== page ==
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Introduction The gravure printing process is well known for its ability to print at a high quality, with accurate tones and vibrant colors. The recessed cells of the gravure process allow for long-lasting engravings that can be used for mass productions and allow printing on a variety of substrates, from paper to plastic films and more. The process has its fair share of drawbacks, however, and when introduced to the world of printed electronics, these drawbacks may be substantial to determining the legitimacy of the gravure process in this upcoming field. Gravure is already being implemented for use in the field of printed electronics. Its mechanism for a wide print area and fast printing speed is very appealing to the mass manufacturing of basic electronic circuit boards (Sung, 2008). In addition, the gravure process stands out in printing lines of silver conductive ink because of the nature for the recessed cells to potentially accumulate ink several microns in height, perfect for the wiring necessary to complete an electronic circuit (Suganuma, 2014). There are clear weaknesses for gravure in this field according to Paul Fiero (2009), however, such as requiring large amounts of pressure — limiting the production to flexible substrates only — as well as the inherent difficulty gravure has in printing clean, straight lines due to the nature of the recessed cells. With this in mind, what are the optimal printing conditions specifically regarding print direction, print speed, and nip pressure in order to print fine lines of silver conductive ink using the gravure process for the purpose of producing printed electronics? The quality and ability of the gravure process to produce legitimate fine lines for printed electronics can change under certain conditions. For the purpose of this paper, the following printing factors have been chosen to compare resulting effects: print direction, print speed, and nip pressure. Secondary research and experimentation has been compiled for use in preparation of this research paper.
Optimal Conditions for Gravure · 13
Findings Print direction — in this case, referring to the orientation of the printed line to the feed direction of the press — can be a significant factor in affecting the outcome of quality for the line of silver conductive ink. In an experiment done by Paul Fiero (2009) comparing how print direction affects the fidelity of lines printed with commercially available silver flake ink among four different substrates, it was found that in general, lines printed in print direction (PD) were more consistent in size and accuracy to the desired width than those printed in cross print direction (CPD), as seen in Figures 1 and 2. For clarification, PD will refer to lines parallel with the feeding direction of the press, while CPD will refer to lines perpendicular with the feeding direction of the press.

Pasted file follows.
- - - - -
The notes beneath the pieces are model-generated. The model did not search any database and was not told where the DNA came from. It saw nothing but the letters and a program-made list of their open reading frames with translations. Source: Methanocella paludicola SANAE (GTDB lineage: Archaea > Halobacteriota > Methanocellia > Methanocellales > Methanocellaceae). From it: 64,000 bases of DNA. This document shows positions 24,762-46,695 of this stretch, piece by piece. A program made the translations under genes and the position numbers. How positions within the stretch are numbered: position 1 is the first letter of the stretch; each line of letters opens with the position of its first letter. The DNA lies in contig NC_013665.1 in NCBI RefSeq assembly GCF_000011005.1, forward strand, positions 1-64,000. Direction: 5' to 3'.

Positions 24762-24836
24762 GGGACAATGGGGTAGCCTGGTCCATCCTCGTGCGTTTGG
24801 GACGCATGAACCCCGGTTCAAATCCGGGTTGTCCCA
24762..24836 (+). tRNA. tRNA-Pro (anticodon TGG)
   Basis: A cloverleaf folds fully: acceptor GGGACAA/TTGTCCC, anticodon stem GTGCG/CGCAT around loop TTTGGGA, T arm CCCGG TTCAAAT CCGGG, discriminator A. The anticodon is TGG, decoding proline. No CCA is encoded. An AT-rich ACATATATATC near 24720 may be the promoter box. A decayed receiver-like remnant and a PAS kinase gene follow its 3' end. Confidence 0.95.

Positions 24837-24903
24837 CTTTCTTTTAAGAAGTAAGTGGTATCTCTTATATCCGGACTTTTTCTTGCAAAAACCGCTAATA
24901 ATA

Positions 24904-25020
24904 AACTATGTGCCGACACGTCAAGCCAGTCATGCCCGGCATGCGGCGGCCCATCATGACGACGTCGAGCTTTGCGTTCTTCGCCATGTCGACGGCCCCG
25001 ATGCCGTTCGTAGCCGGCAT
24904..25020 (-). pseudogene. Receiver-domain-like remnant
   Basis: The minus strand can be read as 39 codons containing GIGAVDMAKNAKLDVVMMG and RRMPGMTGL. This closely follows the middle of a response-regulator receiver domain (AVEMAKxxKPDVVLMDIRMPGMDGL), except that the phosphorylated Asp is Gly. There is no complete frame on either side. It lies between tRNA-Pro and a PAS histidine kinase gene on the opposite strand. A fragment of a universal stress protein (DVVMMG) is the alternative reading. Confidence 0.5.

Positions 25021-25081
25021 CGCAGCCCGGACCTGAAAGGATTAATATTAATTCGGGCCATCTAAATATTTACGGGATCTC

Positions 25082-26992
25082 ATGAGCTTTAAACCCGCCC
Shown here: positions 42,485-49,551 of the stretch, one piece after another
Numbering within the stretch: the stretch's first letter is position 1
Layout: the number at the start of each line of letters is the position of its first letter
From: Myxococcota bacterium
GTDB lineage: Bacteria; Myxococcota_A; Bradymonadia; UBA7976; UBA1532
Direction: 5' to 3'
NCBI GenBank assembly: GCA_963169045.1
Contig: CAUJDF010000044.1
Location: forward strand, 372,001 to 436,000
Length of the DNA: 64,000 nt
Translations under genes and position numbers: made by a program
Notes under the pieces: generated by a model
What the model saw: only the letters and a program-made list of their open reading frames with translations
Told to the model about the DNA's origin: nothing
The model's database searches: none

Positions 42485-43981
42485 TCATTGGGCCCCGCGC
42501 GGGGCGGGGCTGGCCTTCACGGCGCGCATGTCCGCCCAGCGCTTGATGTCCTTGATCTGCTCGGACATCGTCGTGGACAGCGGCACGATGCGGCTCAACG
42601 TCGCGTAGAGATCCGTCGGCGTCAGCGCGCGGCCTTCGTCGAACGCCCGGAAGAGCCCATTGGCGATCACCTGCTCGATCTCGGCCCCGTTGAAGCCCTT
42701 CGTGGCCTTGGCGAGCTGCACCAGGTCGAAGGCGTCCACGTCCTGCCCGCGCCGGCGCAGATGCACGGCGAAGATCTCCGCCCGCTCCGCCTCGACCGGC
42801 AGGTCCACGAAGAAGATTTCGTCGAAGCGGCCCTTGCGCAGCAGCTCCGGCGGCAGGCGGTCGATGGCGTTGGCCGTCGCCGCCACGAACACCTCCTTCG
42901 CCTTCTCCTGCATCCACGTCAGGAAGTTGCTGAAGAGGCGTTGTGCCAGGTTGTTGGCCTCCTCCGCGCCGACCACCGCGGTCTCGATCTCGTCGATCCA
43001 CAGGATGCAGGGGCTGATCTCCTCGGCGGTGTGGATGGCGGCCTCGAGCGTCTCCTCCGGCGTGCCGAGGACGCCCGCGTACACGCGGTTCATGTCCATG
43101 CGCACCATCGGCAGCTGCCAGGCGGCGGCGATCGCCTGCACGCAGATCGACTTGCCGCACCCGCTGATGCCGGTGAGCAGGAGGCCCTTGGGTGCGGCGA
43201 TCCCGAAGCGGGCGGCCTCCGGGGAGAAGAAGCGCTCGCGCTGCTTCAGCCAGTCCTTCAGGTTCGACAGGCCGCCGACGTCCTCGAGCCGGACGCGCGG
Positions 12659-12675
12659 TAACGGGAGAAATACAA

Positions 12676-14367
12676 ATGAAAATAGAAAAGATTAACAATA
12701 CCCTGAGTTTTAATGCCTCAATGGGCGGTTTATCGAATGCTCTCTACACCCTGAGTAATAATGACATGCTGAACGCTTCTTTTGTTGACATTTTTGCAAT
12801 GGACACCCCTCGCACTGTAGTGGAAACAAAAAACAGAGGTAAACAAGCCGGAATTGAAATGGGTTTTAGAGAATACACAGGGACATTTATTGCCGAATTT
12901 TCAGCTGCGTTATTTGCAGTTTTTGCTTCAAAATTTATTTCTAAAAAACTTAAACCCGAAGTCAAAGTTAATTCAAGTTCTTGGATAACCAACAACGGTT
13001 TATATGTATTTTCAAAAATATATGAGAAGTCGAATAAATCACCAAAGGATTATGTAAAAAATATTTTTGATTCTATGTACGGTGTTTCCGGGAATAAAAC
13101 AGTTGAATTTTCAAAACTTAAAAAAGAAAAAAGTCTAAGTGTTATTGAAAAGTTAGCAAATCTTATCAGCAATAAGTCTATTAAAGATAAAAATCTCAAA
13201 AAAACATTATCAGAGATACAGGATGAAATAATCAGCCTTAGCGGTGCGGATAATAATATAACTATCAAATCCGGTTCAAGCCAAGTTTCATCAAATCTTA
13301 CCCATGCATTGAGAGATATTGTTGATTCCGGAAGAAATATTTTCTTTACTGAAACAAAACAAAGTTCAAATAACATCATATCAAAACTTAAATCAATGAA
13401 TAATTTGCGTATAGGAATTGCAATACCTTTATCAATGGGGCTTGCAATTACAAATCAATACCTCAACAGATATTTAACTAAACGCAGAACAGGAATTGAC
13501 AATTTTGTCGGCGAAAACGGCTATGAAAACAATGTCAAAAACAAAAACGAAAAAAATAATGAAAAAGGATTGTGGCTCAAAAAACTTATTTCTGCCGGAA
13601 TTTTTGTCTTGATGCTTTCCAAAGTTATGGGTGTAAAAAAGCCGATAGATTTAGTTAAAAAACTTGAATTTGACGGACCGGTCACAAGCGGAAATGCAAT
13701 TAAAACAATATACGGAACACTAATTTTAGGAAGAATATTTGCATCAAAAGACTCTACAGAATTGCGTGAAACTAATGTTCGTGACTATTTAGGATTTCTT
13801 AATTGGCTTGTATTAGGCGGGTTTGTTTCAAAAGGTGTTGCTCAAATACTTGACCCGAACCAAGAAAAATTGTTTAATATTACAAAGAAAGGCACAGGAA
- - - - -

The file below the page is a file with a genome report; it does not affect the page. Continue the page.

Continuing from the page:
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600 500 400 300 200 100 0
Desired Line Size
Figure 1. Average Line Size (width, in microns) in the print direction.
Comparing desired line size to actual line size. Reproduction from Fiero, 2009.
The opposing directions created lines that had significant difference, in which the CPD had some concerning qualities. According to Fiero (2009), “the CPD lines were much more ragged than the corresponding PD lines…the speed of the press causes the smearing of the CPD lines in a non-uniform way.” This leads to some concern for gravure-printed silver lines in the CPD, as it could have potential issues and could hurt the conductivity of the printed line. Fiero goes on to show that “the CPD lines have an increase in the number of non-printed areas within the print area” creating a potential concern for gaps in the electric wiring, as seen in Figure 3. Again, lines in the PD did not show these problematic gaps and edges, and
Optimal Conditions for Gravure · 15
600 500 400 300 200 100 0
Desired Line Size
Figure 2. Average Line Size (width, in microns) in the cross print direction.
Comparing desired line size to actual line size. Reproduction from Fiero, 2009.